The San Francisco 49ers may be several crucial pieces away from being a championship contender, but they're just one piece away from being respectable.
Ever since the much underrated Jeff Garcia era, anchored by underrated coach Steve Mariucci ended in the city by the bay, the quarterback position has been anywhere from anemic to mediocre at best.
Champions of the lame duck interception like Ken Dorsey, Alex Smith, and UC Davis grad J.T. O'Sullivan have come and gone. All unsuccessful in leading the 49ers to a postseason appearance.
Let's put it this way, the last time the red and gold made the playoffs was 2002. I was 12 and working on becoming a man. Now I'm nearly 22 and a soon-to-be college graduate. Seasons change, life moves on, except for the 49ers disappointing on a yearly basis.
Despite what people will say about rotating offensive coordinators, in the spring of 2005, the 49ers had a window to end the anguish and disappointment of the title-less post-Steve Young era.
With the first pick in the draft, Jed York and company had a choice between the spread offense-minded, small-handed Alex Smith and Northern California native stud Aaron Rodgers. Aaron Rodgers, the same quarterback who is now on the verge of an NFC title, once wore a 49ers shirt under his jersey at Cal.
The nonsense Niners opted for Smith, who since has thrown more interceptions (53) than touchdowns (51) in 50 career starts, and has a dangerously low passer rating of 72.1.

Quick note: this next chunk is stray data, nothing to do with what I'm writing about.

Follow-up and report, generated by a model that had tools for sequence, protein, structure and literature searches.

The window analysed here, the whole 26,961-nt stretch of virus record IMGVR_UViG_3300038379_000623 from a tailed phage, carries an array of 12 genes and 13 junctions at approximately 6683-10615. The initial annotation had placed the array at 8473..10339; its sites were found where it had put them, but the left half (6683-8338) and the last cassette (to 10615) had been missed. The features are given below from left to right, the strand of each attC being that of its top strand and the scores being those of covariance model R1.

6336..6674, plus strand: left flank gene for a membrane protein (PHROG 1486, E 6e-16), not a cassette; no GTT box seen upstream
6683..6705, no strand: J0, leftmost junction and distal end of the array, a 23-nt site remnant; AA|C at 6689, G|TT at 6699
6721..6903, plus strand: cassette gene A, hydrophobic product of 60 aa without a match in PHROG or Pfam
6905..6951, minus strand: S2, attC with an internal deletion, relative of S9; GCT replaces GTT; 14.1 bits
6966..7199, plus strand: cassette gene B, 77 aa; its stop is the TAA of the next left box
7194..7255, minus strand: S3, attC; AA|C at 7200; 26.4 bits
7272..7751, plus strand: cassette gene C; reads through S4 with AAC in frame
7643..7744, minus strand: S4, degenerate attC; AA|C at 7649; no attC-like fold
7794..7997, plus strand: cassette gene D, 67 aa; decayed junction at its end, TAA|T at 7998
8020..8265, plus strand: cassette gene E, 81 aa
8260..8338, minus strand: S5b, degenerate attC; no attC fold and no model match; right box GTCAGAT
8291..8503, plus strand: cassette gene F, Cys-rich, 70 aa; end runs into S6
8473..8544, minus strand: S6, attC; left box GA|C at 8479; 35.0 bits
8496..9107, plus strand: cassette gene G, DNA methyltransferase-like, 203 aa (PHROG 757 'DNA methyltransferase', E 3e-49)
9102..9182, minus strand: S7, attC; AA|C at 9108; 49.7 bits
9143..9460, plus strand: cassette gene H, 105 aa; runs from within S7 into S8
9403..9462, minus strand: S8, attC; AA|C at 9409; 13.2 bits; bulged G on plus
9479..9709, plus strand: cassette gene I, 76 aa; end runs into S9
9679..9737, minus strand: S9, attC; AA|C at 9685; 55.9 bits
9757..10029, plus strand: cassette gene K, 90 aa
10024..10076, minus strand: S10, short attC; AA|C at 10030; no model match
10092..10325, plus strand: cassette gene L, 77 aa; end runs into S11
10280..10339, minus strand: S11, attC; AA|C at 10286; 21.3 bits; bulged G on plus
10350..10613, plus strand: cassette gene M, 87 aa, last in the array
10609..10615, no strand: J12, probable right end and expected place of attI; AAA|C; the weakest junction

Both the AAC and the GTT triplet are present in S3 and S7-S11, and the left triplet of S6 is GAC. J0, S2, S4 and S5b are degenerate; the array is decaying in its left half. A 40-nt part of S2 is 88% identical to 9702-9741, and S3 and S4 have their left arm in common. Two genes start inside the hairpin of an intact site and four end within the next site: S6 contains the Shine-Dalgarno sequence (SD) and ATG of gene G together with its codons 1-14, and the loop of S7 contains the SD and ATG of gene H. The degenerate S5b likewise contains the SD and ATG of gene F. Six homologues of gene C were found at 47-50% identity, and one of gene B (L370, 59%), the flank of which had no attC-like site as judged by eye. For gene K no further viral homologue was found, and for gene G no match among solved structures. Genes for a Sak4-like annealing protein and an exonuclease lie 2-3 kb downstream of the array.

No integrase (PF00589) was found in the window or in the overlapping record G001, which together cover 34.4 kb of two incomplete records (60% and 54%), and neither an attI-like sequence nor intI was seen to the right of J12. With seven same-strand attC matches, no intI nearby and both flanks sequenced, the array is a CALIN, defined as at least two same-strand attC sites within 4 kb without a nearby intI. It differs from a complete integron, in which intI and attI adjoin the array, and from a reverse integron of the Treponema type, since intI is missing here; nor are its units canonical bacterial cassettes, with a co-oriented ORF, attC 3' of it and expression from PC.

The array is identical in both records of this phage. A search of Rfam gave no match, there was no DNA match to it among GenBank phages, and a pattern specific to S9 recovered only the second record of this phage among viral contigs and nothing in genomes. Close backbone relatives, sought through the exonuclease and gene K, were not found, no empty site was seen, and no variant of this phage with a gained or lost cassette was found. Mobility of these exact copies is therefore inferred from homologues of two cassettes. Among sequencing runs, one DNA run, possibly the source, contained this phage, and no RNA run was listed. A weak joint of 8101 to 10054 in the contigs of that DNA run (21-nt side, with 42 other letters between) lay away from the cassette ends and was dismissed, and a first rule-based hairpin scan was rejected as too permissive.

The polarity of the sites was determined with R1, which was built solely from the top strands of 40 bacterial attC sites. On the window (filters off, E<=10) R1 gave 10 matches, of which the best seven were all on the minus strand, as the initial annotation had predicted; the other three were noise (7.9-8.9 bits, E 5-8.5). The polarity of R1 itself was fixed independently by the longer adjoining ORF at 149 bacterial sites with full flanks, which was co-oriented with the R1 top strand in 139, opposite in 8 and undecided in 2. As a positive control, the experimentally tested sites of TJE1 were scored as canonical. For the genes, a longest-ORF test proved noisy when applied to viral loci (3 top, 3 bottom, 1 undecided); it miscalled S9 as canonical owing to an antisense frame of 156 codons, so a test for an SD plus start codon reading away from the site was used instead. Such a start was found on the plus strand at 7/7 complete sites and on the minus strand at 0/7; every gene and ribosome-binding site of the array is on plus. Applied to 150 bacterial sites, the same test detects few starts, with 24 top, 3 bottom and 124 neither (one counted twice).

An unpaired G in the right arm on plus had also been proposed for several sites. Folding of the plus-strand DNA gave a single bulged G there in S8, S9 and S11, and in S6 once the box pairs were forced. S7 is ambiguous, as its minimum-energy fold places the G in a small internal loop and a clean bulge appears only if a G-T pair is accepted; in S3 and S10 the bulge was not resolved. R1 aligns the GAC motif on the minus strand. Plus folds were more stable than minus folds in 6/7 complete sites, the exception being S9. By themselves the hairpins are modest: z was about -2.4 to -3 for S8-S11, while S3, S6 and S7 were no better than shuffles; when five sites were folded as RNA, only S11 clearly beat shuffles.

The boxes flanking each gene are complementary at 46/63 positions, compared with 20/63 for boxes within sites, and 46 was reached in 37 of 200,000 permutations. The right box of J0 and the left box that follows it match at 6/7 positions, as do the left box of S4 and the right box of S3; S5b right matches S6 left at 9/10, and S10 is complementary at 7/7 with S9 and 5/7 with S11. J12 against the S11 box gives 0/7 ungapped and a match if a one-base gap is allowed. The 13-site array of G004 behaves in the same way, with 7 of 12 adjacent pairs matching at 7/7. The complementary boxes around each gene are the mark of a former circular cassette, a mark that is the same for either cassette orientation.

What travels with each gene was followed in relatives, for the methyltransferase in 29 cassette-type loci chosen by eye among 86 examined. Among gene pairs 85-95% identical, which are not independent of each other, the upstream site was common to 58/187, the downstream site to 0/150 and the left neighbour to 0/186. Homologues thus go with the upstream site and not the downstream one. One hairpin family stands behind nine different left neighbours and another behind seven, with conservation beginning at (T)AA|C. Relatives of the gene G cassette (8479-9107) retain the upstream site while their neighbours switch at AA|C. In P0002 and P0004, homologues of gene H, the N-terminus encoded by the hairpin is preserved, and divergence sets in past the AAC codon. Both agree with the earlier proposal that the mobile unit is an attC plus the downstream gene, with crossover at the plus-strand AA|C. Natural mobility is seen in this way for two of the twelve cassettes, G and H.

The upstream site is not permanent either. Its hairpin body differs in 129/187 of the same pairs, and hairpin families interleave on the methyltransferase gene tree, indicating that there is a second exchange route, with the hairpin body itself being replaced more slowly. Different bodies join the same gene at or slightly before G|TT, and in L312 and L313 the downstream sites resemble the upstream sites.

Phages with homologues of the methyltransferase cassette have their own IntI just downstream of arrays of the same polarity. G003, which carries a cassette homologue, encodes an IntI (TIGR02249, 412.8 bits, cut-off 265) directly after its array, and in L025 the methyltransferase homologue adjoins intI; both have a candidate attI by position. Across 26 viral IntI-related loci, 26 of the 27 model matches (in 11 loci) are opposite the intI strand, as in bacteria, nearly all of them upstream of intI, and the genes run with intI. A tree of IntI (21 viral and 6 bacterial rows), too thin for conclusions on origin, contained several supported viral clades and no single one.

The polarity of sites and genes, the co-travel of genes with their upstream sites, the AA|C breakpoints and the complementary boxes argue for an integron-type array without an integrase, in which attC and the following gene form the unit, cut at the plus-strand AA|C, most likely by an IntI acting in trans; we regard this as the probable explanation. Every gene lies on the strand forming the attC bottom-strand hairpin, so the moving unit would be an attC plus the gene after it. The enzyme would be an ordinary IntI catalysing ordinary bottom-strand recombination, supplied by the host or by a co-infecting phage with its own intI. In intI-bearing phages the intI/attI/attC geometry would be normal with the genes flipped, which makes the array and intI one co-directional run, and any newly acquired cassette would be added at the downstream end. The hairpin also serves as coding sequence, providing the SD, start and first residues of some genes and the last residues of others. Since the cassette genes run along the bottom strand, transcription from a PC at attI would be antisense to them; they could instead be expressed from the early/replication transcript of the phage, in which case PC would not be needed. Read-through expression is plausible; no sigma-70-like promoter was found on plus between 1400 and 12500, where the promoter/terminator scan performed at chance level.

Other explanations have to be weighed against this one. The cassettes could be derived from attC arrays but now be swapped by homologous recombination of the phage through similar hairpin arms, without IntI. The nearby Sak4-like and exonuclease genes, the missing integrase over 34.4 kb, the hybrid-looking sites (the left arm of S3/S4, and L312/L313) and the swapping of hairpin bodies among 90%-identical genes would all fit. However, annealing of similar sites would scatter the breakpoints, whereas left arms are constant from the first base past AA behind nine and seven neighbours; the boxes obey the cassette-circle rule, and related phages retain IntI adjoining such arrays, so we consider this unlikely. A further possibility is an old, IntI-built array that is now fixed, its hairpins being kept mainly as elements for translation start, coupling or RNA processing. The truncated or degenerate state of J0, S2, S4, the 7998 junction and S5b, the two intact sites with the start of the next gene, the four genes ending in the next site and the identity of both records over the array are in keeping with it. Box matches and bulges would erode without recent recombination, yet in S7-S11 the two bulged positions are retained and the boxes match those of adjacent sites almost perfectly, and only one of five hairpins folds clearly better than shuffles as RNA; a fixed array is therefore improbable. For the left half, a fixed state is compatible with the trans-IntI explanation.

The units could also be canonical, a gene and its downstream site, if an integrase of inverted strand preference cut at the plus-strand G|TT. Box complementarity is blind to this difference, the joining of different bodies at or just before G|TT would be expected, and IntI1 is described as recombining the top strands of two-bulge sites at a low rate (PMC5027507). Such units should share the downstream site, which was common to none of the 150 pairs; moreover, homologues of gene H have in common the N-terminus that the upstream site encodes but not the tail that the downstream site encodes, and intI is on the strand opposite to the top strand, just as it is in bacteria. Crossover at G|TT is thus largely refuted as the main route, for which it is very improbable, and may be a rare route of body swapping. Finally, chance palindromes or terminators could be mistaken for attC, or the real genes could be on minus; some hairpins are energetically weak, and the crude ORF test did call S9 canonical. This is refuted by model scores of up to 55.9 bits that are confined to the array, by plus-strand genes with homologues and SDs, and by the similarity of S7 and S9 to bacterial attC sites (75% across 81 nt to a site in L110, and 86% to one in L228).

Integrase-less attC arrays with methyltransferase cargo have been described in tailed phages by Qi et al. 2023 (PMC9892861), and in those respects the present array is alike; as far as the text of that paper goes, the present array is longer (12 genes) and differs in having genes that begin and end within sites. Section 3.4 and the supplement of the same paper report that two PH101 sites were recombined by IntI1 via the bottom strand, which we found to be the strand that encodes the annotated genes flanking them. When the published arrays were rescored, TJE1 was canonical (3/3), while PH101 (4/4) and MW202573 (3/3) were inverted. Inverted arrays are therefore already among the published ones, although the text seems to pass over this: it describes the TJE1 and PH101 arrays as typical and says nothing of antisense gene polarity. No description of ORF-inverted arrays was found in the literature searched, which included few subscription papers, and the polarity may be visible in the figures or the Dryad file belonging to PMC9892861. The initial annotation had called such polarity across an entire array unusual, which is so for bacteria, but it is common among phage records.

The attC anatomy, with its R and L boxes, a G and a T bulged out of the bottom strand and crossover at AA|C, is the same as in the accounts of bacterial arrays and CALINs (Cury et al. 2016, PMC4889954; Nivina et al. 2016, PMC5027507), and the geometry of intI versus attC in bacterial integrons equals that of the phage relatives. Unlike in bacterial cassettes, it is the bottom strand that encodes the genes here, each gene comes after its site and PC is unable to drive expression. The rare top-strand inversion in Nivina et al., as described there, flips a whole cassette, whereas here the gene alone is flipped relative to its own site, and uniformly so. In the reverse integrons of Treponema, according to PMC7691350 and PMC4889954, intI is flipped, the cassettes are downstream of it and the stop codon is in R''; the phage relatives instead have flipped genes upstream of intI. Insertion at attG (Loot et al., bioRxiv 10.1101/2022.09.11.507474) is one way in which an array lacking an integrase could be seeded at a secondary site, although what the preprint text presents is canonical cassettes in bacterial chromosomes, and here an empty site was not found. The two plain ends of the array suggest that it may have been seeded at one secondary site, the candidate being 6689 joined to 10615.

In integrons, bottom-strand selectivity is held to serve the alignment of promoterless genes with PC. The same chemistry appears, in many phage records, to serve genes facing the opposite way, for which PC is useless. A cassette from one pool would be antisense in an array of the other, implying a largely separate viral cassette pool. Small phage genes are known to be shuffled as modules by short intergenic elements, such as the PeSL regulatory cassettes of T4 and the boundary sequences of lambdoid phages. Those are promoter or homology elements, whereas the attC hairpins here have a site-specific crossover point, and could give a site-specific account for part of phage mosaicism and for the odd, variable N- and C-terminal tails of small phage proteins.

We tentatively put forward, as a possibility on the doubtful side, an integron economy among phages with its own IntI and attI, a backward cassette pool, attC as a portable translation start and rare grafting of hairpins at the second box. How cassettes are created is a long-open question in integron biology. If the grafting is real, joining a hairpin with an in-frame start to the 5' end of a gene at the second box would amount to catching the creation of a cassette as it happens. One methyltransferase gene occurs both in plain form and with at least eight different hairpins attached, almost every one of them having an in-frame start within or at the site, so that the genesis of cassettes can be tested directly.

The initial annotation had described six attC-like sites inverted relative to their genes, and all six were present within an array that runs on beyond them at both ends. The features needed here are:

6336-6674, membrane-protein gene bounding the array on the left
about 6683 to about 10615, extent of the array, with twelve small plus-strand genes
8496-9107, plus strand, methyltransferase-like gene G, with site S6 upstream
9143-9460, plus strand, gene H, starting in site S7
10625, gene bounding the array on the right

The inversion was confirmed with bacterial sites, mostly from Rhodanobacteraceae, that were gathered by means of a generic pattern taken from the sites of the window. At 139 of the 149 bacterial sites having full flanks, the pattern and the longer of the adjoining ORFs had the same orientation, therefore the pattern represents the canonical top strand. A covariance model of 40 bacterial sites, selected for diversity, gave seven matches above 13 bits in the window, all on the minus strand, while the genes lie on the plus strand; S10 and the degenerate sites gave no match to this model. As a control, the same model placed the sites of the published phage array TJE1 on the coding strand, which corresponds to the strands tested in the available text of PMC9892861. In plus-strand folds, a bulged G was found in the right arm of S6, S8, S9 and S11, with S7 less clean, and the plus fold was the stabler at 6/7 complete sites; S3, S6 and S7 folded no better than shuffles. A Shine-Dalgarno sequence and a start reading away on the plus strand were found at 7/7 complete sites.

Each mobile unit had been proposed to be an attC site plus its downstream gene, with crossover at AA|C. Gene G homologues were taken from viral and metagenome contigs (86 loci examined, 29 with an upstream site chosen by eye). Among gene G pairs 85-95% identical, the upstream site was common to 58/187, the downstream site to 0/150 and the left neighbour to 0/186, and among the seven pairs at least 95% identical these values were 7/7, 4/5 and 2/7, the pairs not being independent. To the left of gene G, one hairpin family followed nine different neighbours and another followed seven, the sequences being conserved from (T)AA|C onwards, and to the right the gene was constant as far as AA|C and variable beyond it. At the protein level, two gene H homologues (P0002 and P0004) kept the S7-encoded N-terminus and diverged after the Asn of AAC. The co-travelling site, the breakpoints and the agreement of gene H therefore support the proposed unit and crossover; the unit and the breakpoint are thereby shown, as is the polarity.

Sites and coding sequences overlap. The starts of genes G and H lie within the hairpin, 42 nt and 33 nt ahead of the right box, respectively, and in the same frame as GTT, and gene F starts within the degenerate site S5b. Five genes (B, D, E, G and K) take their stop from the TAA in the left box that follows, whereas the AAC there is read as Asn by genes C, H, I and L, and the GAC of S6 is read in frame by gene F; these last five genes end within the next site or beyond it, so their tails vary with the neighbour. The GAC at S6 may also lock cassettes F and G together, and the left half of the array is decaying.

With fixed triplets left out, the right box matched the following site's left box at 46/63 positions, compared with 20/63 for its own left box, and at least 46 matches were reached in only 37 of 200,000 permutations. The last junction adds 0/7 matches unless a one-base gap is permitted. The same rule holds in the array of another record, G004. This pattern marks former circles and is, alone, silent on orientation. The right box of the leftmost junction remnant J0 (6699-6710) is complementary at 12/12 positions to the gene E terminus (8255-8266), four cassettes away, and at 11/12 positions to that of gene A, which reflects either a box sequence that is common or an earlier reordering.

Rodgers, meanwhile, is the toast of the National Football League. He boasts 86 touchdowns in only the last three seasons. Not to mention his 98.4 passer rating and pair of playoff wins already to his credit. Let's put it this way, if Rodgers keeps it up, he'll have a higher passer rating than Super Bowl champion MVP and Niners' legend Steve Young.
Say what you will about the organizations and the offenses, the red and gold made a dire mistake.
Now with offensive minded Jim Harbaugh on the headset, San Francisco has to take advantage of its heightened talent at the skill positions—like Vernon Davis, Frank Gore, and Michael Crabtree—and get a half decent quarterback in there before they have to start all over again.
The time may not be now to contend for a Super Bowl, but the time is now to win their mediocre division and get a rowdy home crowd to fill Candlestick Park in the middle of January, and to wax nostalgic about the days of lore.
Kevin Kolb. Donovan McNabb. Hell, what's Vinny Testaverde doing these days?
If these 49ers aren't careful, their window will close again. And with a lockout imminent, nobody knows when it will reopen.
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